What is Rhabdomyolysis?
Rhabdomyolysis (RAB-DOE-MY-O-LIE-SIS) is the rapid destruction of skeletal muscle resulting in leakage into the urine of the muscle protein myoglobin.
There are three different types of muscle in the human body:
- smooth muscle,
- skeletal muscle, and
- heart muscle.
The skeletal muscle is the muscle of movement of the body (moving the skeleton at the joints). Skeletal muscle is affected by rhabdomyolysis.
Myoglobin is a protein component of the muscle cells that is released into the blood when the skeletal muscle is destroyed in rhabdomyolysis. Creatine kinase is an enzyme (a protein that facilitates chemical reactions in the body) also in the muscle cells. The level of each of these proteins can be measured in blood to monitor the degree of muscle injury from rhabdomyolysis. Myoglobin can also be measured in samples of urine.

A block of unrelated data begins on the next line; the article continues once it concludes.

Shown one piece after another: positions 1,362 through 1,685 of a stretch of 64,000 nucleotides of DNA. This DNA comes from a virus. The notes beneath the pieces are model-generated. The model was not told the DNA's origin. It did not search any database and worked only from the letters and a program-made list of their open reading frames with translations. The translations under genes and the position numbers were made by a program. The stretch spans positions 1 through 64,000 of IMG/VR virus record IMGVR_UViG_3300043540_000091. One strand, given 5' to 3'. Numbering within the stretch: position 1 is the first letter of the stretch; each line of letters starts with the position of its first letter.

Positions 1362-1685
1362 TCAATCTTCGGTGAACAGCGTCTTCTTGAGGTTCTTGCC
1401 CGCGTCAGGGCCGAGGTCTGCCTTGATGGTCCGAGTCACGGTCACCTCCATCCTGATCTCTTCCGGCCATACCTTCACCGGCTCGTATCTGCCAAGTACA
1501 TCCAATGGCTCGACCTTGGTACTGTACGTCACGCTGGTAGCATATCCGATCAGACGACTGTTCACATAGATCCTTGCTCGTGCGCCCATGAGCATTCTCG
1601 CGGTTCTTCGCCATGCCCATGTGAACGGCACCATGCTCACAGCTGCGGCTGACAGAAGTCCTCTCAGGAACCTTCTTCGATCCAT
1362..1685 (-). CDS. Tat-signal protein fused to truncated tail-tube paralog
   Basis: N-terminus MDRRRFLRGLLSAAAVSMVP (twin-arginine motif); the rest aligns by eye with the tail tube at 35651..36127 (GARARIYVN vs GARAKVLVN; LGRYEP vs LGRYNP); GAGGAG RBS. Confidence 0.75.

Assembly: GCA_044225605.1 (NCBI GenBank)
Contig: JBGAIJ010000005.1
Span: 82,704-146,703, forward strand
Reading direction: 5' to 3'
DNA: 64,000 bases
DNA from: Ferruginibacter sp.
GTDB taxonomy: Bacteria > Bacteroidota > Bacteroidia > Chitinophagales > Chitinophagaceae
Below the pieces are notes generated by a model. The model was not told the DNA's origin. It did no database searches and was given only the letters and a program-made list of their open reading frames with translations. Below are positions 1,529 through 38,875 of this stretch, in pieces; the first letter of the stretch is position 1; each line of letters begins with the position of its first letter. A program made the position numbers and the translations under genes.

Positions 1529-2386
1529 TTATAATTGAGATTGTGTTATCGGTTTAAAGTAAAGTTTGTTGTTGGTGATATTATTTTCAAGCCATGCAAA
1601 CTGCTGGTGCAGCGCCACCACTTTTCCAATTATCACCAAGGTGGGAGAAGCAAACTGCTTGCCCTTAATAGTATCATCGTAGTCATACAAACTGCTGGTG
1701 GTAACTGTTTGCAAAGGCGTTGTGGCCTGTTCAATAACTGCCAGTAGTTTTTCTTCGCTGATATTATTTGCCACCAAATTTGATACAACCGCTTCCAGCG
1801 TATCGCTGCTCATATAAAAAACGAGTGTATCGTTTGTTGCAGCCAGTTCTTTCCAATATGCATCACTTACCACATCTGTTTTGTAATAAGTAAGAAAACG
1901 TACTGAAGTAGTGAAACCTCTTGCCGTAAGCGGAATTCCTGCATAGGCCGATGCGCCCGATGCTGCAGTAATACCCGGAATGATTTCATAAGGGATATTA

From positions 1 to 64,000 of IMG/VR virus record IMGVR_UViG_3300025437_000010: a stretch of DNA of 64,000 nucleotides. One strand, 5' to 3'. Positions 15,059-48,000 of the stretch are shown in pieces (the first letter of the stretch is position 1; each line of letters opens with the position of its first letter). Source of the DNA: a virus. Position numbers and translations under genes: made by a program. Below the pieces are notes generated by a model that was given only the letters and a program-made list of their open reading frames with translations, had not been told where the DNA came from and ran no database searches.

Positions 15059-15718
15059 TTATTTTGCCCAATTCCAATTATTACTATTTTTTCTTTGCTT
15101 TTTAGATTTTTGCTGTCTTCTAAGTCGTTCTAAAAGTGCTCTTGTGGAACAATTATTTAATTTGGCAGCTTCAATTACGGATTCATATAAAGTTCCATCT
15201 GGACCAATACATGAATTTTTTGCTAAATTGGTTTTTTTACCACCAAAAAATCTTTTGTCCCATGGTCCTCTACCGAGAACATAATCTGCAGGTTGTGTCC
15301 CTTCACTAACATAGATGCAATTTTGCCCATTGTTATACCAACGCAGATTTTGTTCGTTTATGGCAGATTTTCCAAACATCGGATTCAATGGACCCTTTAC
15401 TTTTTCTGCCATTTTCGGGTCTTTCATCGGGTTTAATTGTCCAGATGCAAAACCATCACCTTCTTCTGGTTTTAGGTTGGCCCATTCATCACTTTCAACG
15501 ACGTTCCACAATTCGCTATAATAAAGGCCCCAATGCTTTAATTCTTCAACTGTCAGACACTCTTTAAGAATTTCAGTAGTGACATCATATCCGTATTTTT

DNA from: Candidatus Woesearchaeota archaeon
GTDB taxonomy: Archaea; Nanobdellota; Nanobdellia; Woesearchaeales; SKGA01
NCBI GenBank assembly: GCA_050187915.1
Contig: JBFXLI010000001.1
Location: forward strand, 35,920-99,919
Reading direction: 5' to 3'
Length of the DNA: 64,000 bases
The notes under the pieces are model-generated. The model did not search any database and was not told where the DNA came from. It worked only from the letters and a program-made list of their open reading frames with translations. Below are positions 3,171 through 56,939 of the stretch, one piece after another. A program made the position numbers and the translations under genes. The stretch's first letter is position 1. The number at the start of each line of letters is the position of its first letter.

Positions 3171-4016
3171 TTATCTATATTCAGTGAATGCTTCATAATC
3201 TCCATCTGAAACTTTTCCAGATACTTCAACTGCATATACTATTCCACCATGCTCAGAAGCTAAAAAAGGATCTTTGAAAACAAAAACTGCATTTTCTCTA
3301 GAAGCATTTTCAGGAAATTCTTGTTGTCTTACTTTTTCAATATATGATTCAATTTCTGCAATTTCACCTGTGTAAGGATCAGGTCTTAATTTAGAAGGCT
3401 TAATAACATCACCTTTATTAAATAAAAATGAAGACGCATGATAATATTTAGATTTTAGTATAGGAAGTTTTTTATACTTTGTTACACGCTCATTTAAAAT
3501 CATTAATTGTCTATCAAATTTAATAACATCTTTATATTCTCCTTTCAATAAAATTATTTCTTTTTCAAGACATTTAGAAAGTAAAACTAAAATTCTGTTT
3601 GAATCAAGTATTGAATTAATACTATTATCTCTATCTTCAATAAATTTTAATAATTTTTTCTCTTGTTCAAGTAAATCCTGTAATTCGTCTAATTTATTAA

Rhabdomyolysis may not cause any symptoms at all. Muscle aches and pain (myalgia), stiffness, and muscle weakness can occur with rhabdomyolysis, and is especially common with severe muscle damage. Rhabdomyolysis may cause a darkening of the urine color. Myoglobin is released from the muscles when they break down and is excreted into the urine. This can cause a red or cola color of the urine.